Alexandra, sat looking into the large illuminated mirror, felt a single tear move away from her left eye. She watched as it trailed down her cheek, to her chin, only to fall away, never to be seen again. She’d spent nine months perfecting the illusion, the game, allowing herself to become attached to the situations, the people, the circumstance and daily endeavours of her new life. In one moment, it was all gone.
She picked up the cotton, starting to remove her make-up, as she brought back the memories of the night. She’d said the wrong thing, at the wrong time, to the wrong person and then, the situation cascaded as she knew it would. One moment in time, one word, with the results being felt across her very consciousness. There was a chance that she could recover from the situation but, as she knew, when you lived within a perfect life, any mishap would be remembered forever.
She dropped the cotton items into the bin, just to the side of her, as she moved her face closer to the mirror. Placing a finger onto her left cheek, moving it down ever so slightly, she looked for a possible sign of a line, or two. Nothing. The face was absolutely perfect. Blemish free, angular, the perfect symmetrical impression leaving most people blessed with her beauty and presence.
She placed her left hand onto the other side of her face, as she straightened her fingers to press gently. Ever so slightly, she rotated her hands a few degrees and the seal broke. As she moved her fingers and palms away from her skin, the face fell into her opened hands and she immediately threw the mask into the bin. Done. Over. No longer needed.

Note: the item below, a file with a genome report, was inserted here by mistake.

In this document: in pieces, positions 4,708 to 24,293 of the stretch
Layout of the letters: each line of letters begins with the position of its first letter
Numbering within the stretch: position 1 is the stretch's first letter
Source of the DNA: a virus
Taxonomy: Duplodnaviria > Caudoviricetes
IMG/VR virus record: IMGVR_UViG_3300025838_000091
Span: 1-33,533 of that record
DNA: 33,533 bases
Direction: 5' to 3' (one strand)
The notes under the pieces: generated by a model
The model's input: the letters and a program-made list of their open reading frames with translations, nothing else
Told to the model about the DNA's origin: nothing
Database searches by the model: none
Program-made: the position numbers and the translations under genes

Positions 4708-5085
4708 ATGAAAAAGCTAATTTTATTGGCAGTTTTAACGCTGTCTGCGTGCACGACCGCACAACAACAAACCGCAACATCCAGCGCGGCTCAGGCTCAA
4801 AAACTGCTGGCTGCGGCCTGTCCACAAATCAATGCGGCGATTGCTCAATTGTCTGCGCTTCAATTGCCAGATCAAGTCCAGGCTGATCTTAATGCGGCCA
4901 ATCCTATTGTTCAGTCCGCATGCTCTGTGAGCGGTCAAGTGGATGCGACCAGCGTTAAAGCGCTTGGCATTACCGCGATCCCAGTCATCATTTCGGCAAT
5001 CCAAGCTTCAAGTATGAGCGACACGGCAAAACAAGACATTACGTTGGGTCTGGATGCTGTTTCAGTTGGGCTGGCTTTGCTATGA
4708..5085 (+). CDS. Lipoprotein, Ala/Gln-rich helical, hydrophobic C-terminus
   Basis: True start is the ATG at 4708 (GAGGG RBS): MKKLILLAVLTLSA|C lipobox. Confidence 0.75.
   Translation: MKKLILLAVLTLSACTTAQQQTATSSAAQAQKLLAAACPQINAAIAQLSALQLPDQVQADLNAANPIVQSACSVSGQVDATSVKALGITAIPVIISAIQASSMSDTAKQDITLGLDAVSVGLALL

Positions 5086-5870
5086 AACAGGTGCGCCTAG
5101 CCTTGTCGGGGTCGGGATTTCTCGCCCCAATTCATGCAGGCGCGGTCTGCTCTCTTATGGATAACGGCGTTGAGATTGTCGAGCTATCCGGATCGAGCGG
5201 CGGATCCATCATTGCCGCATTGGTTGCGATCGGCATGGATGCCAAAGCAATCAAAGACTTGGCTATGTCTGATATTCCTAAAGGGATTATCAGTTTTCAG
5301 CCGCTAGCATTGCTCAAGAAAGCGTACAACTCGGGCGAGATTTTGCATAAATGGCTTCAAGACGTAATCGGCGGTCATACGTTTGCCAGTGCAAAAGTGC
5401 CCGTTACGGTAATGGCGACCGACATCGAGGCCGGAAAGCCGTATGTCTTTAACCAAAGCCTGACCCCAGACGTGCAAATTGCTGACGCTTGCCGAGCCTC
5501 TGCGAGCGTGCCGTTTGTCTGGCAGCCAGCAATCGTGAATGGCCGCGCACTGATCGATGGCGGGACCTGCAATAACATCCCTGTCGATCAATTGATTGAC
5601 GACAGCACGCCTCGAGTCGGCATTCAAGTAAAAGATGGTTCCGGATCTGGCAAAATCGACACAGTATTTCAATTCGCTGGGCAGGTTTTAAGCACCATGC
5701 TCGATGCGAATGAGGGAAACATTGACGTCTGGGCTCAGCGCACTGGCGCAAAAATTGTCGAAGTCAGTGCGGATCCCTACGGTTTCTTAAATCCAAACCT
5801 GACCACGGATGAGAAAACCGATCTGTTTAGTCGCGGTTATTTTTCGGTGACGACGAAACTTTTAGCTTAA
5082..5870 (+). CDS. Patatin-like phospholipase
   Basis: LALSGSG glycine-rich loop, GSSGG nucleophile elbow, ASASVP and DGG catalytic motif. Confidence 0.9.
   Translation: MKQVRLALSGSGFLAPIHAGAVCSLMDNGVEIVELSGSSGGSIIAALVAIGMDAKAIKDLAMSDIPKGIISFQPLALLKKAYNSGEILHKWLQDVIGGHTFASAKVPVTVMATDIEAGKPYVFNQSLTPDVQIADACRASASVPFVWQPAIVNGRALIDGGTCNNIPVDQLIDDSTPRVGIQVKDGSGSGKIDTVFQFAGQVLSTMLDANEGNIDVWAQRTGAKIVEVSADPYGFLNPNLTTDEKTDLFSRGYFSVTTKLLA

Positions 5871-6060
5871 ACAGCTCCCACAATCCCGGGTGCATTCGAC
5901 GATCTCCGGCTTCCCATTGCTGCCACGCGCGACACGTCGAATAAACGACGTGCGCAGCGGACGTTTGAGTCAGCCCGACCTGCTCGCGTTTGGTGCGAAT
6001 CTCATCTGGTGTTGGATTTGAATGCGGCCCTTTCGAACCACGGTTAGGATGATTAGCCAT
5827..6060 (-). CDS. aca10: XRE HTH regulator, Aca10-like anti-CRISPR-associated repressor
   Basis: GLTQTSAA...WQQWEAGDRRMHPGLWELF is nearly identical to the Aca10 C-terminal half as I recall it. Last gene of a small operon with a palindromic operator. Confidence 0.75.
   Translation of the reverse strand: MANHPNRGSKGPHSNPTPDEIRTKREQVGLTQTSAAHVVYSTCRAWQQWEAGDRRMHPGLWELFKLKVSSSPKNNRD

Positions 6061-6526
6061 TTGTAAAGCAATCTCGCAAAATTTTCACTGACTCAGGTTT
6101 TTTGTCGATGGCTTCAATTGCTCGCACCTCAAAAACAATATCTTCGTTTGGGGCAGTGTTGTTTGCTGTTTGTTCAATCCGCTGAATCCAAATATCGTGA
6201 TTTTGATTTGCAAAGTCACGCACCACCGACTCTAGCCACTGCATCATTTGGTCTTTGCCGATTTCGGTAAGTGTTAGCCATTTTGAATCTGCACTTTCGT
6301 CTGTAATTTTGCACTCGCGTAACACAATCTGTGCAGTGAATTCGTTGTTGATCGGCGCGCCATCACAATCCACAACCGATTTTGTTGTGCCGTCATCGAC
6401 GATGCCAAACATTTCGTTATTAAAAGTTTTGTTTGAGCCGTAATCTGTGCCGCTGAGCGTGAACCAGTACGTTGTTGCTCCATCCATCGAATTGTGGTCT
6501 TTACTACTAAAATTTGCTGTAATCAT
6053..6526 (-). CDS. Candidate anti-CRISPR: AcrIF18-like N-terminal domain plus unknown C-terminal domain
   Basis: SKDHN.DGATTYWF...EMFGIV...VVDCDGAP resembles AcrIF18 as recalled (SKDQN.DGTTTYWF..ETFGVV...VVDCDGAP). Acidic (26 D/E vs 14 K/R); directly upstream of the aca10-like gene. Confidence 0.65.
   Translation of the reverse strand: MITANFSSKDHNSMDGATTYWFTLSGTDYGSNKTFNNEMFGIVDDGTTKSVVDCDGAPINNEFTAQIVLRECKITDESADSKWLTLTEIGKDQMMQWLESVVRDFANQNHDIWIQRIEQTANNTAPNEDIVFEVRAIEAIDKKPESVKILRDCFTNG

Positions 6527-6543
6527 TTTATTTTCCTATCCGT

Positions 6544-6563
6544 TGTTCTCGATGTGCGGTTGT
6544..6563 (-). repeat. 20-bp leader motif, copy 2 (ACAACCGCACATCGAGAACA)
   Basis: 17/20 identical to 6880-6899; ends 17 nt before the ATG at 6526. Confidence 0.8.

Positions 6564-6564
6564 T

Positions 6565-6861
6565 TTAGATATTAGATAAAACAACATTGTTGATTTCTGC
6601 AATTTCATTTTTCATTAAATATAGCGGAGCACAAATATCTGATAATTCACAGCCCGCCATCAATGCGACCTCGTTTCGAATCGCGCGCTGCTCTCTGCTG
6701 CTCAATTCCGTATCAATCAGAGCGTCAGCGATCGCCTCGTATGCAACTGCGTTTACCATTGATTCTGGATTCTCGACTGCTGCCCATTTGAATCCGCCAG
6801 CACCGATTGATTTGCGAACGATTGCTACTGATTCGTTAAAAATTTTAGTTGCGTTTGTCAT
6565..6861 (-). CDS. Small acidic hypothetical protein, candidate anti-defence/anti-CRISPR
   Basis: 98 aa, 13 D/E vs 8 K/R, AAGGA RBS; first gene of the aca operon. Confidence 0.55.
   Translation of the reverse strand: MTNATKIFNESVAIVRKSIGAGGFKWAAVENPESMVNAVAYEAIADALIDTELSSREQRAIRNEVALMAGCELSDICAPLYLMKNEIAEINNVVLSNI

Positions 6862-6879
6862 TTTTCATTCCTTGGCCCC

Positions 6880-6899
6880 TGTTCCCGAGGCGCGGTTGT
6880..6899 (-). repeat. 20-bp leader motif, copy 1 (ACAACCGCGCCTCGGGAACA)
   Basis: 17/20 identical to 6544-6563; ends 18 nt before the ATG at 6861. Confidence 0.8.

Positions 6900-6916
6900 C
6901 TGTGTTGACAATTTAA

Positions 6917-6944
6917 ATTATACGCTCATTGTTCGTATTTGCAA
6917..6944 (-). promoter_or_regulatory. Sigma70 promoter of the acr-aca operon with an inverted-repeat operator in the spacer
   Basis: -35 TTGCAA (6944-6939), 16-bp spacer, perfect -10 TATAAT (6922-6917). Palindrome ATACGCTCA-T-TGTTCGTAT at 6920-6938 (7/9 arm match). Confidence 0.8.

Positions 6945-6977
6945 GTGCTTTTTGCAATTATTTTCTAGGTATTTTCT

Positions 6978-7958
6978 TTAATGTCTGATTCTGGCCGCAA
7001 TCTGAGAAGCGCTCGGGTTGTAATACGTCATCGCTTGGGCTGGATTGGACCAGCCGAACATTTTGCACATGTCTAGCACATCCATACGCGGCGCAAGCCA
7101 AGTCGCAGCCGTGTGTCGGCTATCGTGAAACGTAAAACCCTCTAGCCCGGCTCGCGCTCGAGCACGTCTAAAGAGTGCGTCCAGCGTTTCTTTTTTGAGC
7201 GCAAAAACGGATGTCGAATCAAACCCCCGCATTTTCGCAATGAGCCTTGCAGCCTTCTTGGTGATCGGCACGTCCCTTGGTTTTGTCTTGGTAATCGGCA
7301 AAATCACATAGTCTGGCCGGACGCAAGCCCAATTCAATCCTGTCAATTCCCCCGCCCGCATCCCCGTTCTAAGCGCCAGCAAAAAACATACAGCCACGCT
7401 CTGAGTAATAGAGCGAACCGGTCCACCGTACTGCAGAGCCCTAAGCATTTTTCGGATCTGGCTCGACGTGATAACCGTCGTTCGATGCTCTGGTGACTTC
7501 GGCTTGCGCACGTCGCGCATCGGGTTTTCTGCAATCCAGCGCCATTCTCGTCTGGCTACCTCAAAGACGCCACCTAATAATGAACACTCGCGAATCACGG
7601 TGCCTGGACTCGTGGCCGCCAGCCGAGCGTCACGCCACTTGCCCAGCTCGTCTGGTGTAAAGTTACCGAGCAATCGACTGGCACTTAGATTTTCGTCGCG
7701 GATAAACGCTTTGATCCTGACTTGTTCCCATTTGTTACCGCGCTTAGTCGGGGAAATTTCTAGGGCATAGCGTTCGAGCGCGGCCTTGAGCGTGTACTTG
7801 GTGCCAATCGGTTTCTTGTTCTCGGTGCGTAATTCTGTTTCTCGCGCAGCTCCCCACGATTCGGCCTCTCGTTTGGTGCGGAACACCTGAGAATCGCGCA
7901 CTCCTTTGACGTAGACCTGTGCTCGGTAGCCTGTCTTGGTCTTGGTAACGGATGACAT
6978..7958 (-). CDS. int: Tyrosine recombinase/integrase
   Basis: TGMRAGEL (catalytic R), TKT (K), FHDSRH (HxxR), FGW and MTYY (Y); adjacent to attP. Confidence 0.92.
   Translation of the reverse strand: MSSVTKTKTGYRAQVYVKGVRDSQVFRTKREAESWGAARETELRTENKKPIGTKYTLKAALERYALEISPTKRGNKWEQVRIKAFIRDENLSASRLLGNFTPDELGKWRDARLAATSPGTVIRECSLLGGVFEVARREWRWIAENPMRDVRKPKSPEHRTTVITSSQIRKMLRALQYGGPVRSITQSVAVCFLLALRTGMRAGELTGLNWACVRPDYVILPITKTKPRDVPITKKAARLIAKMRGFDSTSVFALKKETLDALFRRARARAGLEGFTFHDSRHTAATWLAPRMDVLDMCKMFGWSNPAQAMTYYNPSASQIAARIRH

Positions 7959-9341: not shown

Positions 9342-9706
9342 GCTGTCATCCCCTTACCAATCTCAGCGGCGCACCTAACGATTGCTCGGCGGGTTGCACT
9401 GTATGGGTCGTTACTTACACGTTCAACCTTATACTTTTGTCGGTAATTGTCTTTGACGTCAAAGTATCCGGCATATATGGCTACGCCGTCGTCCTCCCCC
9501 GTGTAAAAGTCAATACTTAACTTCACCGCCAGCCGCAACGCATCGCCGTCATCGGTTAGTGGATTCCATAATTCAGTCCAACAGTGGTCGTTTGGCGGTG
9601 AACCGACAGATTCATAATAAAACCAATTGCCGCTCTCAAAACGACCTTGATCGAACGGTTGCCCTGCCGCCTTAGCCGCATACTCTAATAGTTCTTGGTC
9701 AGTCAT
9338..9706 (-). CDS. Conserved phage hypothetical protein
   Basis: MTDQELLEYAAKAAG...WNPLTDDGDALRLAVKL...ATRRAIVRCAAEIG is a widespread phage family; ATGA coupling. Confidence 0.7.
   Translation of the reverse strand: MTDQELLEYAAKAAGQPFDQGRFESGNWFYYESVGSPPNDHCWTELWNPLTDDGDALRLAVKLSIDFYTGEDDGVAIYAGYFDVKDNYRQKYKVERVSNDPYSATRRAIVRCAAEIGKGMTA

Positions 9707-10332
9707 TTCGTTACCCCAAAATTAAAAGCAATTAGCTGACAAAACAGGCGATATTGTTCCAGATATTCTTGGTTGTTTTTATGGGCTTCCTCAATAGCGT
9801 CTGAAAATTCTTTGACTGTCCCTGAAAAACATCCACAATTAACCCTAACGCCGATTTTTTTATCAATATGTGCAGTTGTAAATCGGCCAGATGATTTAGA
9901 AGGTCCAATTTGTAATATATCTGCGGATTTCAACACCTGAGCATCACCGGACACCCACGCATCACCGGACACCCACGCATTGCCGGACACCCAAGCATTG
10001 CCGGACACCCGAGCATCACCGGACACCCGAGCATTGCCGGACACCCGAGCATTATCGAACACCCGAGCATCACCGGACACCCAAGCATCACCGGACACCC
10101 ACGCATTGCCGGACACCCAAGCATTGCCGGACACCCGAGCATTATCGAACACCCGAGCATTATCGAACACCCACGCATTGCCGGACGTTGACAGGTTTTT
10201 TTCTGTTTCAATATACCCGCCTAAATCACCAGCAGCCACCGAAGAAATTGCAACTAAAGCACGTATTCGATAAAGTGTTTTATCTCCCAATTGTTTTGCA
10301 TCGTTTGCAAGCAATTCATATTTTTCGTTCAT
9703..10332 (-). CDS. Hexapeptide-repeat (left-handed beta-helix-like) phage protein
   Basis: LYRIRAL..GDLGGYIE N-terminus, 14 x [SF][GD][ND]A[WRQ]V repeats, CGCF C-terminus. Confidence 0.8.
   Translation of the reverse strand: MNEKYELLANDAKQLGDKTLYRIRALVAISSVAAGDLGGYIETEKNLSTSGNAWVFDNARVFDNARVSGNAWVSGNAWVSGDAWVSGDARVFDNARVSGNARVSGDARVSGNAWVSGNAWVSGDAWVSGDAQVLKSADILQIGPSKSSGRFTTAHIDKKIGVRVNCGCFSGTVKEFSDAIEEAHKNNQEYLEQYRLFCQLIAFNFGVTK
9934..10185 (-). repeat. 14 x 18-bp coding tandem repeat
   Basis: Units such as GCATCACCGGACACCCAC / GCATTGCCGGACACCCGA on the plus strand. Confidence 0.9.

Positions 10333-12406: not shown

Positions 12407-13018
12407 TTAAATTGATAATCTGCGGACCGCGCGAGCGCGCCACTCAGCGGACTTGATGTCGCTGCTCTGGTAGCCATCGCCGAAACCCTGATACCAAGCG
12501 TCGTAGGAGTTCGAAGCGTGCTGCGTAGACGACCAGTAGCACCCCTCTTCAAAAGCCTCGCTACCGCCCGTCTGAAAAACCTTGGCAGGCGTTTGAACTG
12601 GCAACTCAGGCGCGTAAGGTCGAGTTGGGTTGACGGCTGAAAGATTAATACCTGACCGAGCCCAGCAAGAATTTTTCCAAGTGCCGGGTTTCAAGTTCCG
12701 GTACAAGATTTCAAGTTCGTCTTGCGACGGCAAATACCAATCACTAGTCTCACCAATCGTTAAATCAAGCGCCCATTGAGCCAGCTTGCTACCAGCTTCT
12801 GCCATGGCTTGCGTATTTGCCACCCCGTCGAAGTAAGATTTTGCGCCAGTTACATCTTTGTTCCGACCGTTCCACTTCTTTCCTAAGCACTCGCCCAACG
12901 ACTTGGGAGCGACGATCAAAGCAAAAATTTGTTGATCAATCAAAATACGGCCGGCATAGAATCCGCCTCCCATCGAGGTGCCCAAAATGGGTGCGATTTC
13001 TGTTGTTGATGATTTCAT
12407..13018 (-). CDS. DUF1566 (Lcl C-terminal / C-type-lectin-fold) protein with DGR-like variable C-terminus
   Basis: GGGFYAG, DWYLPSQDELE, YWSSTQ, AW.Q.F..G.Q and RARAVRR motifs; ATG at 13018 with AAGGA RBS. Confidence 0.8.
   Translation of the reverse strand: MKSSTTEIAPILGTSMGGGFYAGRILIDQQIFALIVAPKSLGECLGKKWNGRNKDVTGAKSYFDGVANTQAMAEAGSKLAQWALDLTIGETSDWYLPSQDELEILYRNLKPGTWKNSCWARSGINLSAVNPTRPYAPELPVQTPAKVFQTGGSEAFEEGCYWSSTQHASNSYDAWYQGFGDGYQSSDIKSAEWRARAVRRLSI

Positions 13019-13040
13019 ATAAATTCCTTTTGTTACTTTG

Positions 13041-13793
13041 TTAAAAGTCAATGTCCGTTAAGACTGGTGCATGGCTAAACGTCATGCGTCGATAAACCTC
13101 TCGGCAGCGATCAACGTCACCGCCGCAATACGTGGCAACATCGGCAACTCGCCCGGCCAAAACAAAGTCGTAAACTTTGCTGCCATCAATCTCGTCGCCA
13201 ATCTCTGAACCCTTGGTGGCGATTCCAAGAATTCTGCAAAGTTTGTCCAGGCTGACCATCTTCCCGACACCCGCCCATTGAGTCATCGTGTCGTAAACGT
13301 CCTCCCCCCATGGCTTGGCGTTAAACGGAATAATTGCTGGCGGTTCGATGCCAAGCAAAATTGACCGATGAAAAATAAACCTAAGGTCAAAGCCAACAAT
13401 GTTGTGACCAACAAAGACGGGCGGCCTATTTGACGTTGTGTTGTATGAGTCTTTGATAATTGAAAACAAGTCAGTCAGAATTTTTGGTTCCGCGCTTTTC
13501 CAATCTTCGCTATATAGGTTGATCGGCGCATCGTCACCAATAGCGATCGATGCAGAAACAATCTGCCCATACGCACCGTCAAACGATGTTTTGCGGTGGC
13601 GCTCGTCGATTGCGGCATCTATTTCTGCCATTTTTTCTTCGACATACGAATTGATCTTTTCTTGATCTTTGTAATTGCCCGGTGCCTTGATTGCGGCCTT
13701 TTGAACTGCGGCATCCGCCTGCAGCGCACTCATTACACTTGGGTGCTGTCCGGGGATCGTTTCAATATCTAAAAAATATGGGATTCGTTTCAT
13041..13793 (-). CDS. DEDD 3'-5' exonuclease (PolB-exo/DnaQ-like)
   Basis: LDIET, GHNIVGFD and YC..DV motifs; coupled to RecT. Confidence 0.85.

Her replaceable face, no longer required.
Opening the drawer, to her left, she reached in and brought out her actual, normal, original face. Her eyes scanned the item. Withered, lined, the weathered surface warming her heart ever so slightly. She placed the face onto the surface, where the previous face sat, then gently pressed with her hands. A few moments escaped, as she twisted slightly. The seal applied itself and, finally, she was her old self again. She smiled a fake smile, as her face looked back at herself in the mirror.
Now, more than ever, she’d require a new face, a new identity, as she would never make it in life if the face didn’t fit. Partners would jilt her, parties would exclude her, all for the surface and shape of her face. A small amount of anxiety rose within her chest, another tear appearing from the same location as her previous face. Broken, within. Failing, outside. Knowingly confused, most of her life.
She wished that she could simply be who she was but, truth be told, she’d lived three lives so far and now, she simply did not know whom or who she was. The personalities, the fake faces, the auctioned words of vapid connections and more that threated to break her mind. She’d laugh, smile, dance around the room, if even a small spark existed within her soul. Her joy, long gone. Any peace, a moment of the past. Her self-love, a fictional character within the play of her own making.
She wiggled her nose, moving it left to right, up and down. The original, the face of her birth. Her Mother would not agree with the way her life had evolved, but this was the way of things. Surface charm, trivial moments in time and shallow happenings behind closed doors. The entire world finally, fully, forgivingly, embraced within a cacophony of endless posing and preening. Personality once was. No longer.
She stood from the small chair, switching off the mirror’s vanity light, as she turned and walked to her bed. Moving the covers aside, she turned and sat, lifting her legs into the bed, returning the covers once she’d found her calm. She looked at the ceiling, still moving her nose. None of her other faces felt the same. Not one. She could tell from moving her nose, as she’d done a lot as a child because of hay fever. The other faces felt alien, strange, plastic and fake, just like her life.
A few moments of inner-silence moved through her mind as she, finally, realised that she would no longer wear another fake face into the world. She would be herself. She would be herself if, eventually, she realised who she was. After all, she knew that the cover of a book only told the smallest of stories, with the face of things being just that, a face.